By Alan Bennett
Directed by Christopher Luscombe
Venue: Chichester Festival Theatre
Date: Monday 27th October 2008
I have absolutely no idea how to categorise this play. It was certainly funny; we were amazed at some of the things we laughed at in this play, including a disabled chap with a plate in his head, the washing of a dead body, someone peeing through a letterbox, obvious poverty, etc. It was also very dark in places, and although there was a surreal air to the suited folk who took the house, and in fact the whole street, off to a museum situated in a park, complete with forgetful old woman, the line between realistic and surreal was so fine as to be almost invisible.
The set was the sitting room of an old back-to-back, with the door on the left, kitchen door next to it, and stairs next to that. It seemed ludicrously small in the vast space of the main stage, which added to the fun, and presumably made it easier to take it apart at the end. There was a folding table with two chairs to the left of the door, a sofa between kitchen and stairs, and to the right was the chair that Wilf, or Dad as he was mainly called, sat. He had been knocked down by a hit-and-run driver, so couldn’t walk very well and had a plate in his head. He kept his porn stash behind his cushion, and split his time between reminding Connie, or Mam, of whatever she’d forgotten, praising his daughter to the skies (a PA who was actually a whore), and bad mouthing everyone and everything else, especially the son he claimed he didn’t have, and who’d left them many years ago. Mam, played by Alison Steadman, could have lost a memory contest against a goldfish. I lost count of how many times Wilf had to remind her that Linda, their daughter, had gone to Sweden. The joke had a massive payoff though – when Linda arrived back unexpectedly, it turned out she’d actually gone to Swindon.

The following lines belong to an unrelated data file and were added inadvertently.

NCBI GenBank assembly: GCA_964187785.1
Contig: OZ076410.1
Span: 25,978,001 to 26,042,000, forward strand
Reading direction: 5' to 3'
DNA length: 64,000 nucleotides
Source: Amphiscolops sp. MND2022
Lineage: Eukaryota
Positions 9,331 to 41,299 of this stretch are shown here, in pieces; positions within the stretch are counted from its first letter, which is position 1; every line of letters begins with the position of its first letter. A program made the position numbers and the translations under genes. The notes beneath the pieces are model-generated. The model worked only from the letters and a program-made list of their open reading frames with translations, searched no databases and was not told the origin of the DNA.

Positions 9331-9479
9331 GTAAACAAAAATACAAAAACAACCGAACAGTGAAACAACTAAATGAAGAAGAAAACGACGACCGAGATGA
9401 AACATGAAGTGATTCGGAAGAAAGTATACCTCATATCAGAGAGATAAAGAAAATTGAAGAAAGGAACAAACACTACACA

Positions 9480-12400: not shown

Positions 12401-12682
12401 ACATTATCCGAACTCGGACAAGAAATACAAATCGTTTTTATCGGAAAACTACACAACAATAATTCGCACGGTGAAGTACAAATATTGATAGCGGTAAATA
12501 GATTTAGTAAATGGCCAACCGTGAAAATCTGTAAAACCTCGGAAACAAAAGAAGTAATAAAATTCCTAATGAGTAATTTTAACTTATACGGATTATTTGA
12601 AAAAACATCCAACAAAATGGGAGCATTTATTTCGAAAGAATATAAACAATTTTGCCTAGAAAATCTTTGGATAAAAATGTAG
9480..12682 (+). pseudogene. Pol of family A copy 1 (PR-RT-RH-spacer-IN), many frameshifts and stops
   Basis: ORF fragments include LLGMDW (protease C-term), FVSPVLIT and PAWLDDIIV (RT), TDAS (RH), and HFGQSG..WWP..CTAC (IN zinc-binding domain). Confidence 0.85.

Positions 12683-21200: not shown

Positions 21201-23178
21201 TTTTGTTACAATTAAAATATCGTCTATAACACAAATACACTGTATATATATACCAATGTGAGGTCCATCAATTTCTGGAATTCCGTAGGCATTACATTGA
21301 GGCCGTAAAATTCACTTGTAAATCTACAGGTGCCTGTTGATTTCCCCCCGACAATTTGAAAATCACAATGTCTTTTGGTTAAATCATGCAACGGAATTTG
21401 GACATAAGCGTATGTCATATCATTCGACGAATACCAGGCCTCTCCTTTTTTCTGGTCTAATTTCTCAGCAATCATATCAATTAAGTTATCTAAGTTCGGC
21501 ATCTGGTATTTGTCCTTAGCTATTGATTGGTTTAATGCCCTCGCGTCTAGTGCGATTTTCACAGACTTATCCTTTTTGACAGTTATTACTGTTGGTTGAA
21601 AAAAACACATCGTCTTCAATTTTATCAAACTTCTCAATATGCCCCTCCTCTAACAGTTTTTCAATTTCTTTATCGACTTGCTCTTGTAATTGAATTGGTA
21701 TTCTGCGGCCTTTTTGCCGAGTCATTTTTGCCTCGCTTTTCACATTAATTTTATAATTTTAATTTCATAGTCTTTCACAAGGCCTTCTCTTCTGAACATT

So far, it’s been a fairly recognisable picture of family life in those kind of houses, and in any period from the fifties onwards. The play was first produced in 1980, and we reckoned it represented the 1970s, but still seemed as if it had been written yesterday. The attitudes are so old-fashioned, but the references are to the 70s, and the feel is very up-to-date. Quite a remarkable achievement, and perhaps that’s why the play seems to be doing better today than it did when it was first produced.